8 responses

  1. Heather Stevning
    September 11, 2012

    I have six live oak volunteers that grew from acorns I threw out in my yard two summers ago.

    I’ve been guarding them with my life, but now understand I may have been watering them too much recently, based on your info. Thanks.

  2. Linda Richards
    September 11, 2012

    hey Heather, they’re probably fine, especially since they’re so young. It’s the mature ones that don’t need the water in the hot summer months. I’ll try to find an oak expert to find out how to best wean them off the supplemental water as the years go by – a good question….

    • Leslie Lipton
      April 22, 2013

      Hi. Saw the question on weaning oaks off supplemental water.
      I am moving into a house in the foothills outside Fresno. There is a huge beautiful live oak in the yard. A large area under the tree has been drip watered for 20 minutes per day for the last ten years. I am removing the exotic plants from underneath the tree and plan to replace with appropriate California natives. However, how do I wean the oak of the supplemental water? It seems extremely healthy and happy.
      thanks much.

      • Linda Richards
        April 24, 2013

        if its seems healthy and happy I would probably leave the irrigation as is or decrease it to several times a week. The newly planted natives will need extra water the first couple years anyway. But you know, I’m not an expert on that – maybe you can run your q by a local arborist? (fyi, we watered our newly planted natives very heavily at planting, then every few days the first month or two – depending on the season we planted, then once a week the first year. They don’t need everyday for sure.)

  3. airport
    May 5, 2013

    Very good article! We will be linking to this great post on our site.

    Keep up the good writing.

    • Linda Richards
      October 21, 2013

      Hi all, I wanted to update with some input I received from Bert Wilson, owner of Las Pilitas native plant nursery – I asked him about mature trees that have been irrigated. He said this: “if they have been watered for most of their life, keep watering, if watering was a recent introduction, remove it over a period of a year or so. NEVER introduce water to an old tree.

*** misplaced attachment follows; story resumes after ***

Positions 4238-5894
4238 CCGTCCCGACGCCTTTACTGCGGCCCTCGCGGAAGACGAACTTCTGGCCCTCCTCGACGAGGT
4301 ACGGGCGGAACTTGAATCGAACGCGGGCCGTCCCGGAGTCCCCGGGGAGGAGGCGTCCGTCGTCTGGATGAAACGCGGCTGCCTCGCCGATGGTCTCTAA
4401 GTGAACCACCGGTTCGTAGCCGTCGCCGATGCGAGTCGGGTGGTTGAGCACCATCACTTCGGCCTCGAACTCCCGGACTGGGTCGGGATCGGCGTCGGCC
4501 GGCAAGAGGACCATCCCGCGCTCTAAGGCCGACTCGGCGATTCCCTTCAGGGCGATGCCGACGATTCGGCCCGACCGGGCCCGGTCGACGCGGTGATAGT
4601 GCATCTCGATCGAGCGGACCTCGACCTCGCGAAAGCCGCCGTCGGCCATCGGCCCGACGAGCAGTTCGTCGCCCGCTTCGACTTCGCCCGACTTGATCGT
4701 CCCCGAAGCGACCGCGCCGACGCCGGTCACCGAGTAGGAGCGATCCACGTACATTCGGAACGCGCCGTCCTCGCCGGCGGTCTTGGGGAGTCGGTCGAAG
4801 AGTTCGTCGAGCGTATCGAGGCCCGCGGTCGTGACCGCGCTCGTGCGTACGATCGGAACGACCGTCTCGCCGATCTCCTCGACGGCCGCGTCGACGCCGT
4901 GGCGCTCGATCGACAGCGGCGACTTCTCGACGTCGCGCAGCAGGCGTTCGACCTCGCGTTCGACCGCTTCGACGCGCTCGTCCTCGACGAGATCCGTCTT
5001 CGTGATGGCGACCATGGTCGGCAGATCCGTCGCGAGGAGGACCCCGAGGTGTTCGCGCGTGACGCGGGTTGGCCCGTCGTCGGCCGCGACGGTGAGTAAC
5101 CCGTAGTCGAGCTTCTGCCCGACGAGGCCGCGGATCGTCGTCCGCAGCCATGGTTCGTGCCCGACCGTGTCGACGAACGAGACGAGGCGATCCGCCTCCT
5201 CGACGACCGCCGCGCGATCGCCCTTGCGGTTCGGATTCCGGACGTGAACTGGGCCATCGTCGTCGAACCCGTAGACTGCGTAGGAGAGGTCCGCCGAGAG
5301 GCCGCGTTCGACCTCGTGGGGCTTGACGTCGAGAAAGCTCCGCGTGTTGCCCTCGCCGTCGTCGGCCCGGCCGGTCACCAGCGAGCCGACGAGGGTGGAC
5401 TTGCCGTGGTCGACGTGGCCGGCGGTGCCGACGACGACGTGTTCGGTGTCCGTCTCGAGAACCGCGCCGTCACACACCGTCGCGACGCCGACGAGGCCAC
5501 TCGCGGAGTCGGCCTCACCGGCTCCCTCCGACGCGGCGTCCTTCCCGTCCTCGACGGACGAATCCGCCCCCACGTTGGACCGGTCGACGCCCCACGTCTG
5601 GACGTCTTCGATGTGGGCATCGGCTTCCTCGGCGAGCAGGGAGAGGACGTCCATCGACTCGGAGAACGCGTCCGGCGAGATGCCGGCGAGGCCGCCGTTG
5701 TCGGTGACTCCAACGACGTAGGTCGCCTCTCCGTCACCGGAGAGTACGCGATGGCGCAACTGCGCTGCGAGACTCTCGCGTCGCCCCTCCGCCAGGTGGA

BUT, they should remove any non-native plants, including weeds, from under the native oaks. Makes a dramatic difference.They should not disturb the soil when they remove them, i.e., cut them off at ground level instead of digging them out.”

  4. Karen Kaminsky
    May 18, 2014

    Help! I am concerned about my oak trees here in Ojai,Ca. In the last ten days, my neighborhood has lost 2 – one might have come down due to watering, the other which lost a lot of cracked off branches, definitely not. It is residing in an open yard that is abandoned, so only got Mama Nature’s water. I have read conflicting reports about watering with soaker hoses at tree canopy edge in a drought. Any thoughts? My trees are big, dry, and old! Thanks.

    • Linda Richards
      May 18, 2014

      Good qs – I will do a separate blog on this again, and you’re right that there are conflicting thoughts. But in general, it’s ok to water native oaks during drought but timing is important. Here are a couple people’s answers on this issue who I respect. 1) From local arborist. Paul Chaney, here in the Inland Empire (where we have hotter weather than you do) “During unusually dry winters, (drought,) mature oak trees might benefit from (infrequent, deep) supplemental water. (Use a soil sampling tube to check soil moisture 12″ to 18″ deep before deciding to irrigate.” 2) From Bart O’Brien from Rancho Santa Ana Botanic Garden in Claremont, slightly inland from you: “IN GENERAL (there are always exceptions that can be found)
      For PRE-EXISTING native oaks: 1. Do not water in the summer months. 2. During droughts, water the tree in the winter and early spring months (stop by the end of March) – this is the time of year that the tree banks water for the year.
      For PLANTED native oaks:
      1A. If it is an OLDER tree (15 plus years) that has been in the landscape for years, continue whatever irrigation regime that the tree has grown up with as that is what it has adapted to.
      1B. If it is a newly planted young tree, you can get it to adapt to drought or watered conditions. You will have to water a newly planted oak for at least a few summers before it will survive with minimal to no summer water (some of this depends on the size of the plant when it is planted, and it will also depend on the soil conditions).”

      I would consult with an expert in your area too, but from the above, you might want to wait til the fall to water. With our other native shrubs and trees, we do supplement water in the late spring through summer tho we wait til a cool overcast day. Lastly, there is the gold-spotted oak borer that has killed many trees in San Diego but that should not be in your area.

Leave a Reply

 

 

 

Back to top
mobile desktop